• Manufacturer Triumph Motor Company
  • Production 1974–1981
  • Designer(s) Harris Mann
  • Body style(s) roadster
  • Class Sports car
  • Engine(s) 1998 cc Straight-4
  • Transmission(s) 4 and 5-speed manual
    3-speed automatic
  • Height 50 in (1,270 mm) (coupé)
  • Length 160 in (4,064 mm)
  • Width 62 in (1,575 mm)
  • Wheelbase 85 in (2,159 mm)
  • Kerb Weight 2,205 lb (1,000 kg) (coupé)
  • Layout FR layout
  • Predecessor Triumph TR6
  • Related Triumph TR8

The history of the Triumph TR7


The Triumph TR7 was a sports car manufactured from September 1974 to October 1981 by the Triumph Motor Company (which was part of British Leyland) in the United Kingdom. It was initially produced at the Speke, Liverpool factory, moving to Canley, Coventry in 1978 and then finally to the Rover plant in Solihull in 1980. The car was launched in the United States in January 1975, with its UK home market debut in May 1976. The UK launch was delayed at least twice because of high demand for the vehicle in the US.
The car was characterized by its "wedge" shape, which was commonly advertised as: "The Shape of Things to Come," and by a curved line in the bodywork sweeping down from the door area to the rear of the car. The design was penned by Harris Mann who also designed the wedge-shaped Leyland Princess. The car had an overall length of 160 inches (406 cm), width of 66 inches (168 cm), wheelbase of 85 inches (216 cm) and height of 49.5 inches (126 cm). The coupé had a kerbside weight of 2205 pounds (1000 kg). During development, the TR7 was referred to by the code name "Bullet".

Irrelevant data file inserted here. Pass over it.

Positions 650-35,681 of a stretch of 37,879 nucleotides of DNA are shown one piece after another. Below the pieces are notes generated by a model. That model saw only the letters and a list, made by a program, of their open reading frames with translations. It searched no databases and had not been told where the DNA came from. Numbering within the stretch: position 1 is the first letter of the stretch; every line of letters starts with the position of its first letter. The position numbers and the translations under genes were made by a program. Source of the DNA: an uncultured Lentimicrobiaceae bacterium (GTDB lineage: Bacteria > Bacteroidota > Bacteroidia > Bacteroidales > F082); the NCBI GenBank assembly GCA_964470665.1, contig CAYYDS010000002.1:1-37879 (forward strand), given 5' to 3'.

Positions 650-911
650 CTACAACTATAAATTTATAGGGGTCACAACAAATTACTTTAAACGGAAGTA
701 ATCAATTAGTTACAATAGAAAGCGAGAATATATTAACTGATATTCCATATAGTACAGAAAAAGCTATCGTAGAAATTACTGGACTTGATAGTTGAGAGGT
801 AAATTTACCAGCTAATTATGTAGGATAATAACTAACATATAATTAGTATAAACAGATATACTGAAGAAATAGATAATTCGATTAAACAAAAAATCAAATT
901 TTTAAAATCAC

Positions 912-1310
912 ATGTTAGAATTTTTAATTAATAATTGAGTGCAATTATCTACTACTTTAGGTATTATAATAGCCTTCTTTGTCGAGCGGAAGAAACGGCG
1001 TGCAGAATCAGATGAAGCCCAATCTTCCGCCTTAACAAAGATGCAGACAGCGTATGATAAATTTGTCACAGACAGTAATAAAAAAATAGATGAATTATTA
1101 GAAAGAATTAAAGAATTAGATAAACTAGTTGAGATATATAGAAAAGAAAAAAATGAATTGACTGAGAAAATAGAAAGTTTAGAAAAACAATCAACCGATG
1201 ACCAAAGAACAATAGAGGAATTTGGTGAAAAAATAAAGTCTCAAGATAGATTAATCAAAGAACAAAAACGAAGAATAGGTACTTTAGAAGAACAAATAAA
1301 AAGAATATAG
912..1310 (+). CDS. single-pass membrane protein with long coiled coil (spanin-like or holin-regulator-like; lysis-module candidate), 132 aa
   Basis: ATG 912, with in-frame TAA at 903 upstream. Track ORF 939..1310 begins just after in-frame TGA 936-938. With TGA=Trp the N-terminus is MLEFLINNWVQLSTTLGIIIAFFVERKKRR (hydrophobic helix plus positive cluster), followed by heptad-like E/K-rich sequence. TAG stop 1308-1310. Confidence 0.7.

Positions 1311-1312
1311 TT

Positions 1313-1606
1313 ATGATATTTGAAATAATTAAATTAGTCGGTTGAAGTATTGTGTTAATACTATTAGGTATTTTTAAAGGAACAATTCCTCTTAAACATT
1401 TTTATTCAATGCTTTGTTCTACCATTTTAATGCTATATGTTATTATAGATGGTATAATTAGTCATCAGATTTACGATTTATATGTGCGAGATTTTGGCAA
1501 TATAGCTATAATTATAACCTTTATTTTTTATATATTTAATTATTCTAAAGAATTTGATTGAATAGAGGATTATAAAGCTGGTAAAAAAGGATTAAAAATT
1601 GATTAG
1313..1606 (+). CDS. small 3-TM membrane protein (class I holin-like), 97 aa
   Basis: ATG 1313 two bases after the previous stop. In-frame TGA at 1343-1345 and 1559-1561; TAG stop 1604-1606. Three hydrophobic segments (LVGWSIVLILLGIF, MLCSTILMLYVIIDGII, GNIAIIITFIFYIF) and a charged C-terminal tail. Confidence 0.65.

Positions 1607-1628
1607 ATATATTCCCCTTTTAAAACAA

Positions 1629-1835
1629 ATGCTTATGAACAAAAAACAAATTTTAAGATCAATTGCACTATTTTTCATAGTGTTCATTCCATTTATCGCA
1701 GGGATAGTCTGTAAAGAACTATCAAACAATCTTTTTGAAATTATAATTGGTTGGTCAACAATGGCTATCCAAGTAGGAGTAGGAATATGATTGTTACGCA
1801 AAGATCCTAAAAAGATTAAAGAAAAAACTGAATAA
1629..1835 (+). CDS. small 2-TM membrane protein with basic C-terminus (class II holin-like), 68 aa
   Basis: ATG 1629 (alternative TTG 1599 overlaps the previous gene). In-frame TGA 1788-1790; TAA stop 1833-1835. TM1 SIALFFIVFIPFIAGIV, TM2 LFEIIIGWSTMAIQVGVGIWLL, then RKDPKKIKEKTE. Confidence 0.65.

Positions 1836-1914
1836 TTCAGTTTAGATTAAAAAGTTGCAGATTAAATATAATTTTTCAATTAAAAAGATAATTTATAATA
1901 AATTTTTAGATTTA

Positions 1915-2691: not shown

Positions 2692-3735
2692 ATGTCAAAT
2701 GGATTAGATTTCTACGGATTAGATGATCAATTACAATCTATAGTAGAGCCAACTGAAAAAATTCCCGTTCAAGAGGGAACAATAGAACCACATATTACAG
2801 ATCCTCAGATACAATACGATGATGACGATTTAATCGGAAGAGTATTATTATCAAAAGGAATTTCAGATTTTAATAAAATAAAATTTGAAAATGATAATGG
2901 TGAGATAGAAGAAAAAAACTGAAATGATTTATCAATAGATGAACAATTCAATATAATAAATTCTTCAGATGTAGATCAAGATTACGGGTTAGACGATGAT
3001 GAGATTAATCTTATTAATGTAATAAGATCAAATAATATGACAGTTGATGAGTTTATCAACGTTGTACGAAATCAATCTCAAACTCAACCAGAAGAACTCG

Power was provided by a 105 bhp (78 kW) (92 bhp (69 kW) in the North American version) 1998 cc 8-valve four-cylinder engine which shared the same basic design as the Triumph Dolomite Sprint engine mounted in-line at the front of the car. There were plans to directly use the Sprint engine 127 bhp (95 kW) in the TR7 and at least 25 pre-production cars were made in 1977 using the 1978 model year bodyshell. This model was getting ready for full production until the closure of the Speke Plant. These cars, of which several still exist in the UK, can be identified by a different chassis number to the production 8-valve model. Drive was to the rear wheels via a four-speed gearbox initially with optional five-speed manual gearbox or three-speed automatic from 1976. The front independent suspension used coil spring and damper struts and lower single link at the front, and at the rear was a four link system again with coil springs. There were front and rear anti roll bars, with disc brakes at the front and drums at the rear.
Various British Leyland vehicles were driven by the lead characters in the British secret agent television series The New Avengers produced between 1976 and 1977. Amongst these was a yellow TR7 hardtop driven by the character Purdey. The car was immortalised as a children's Dinky Toy and Revell construction kit.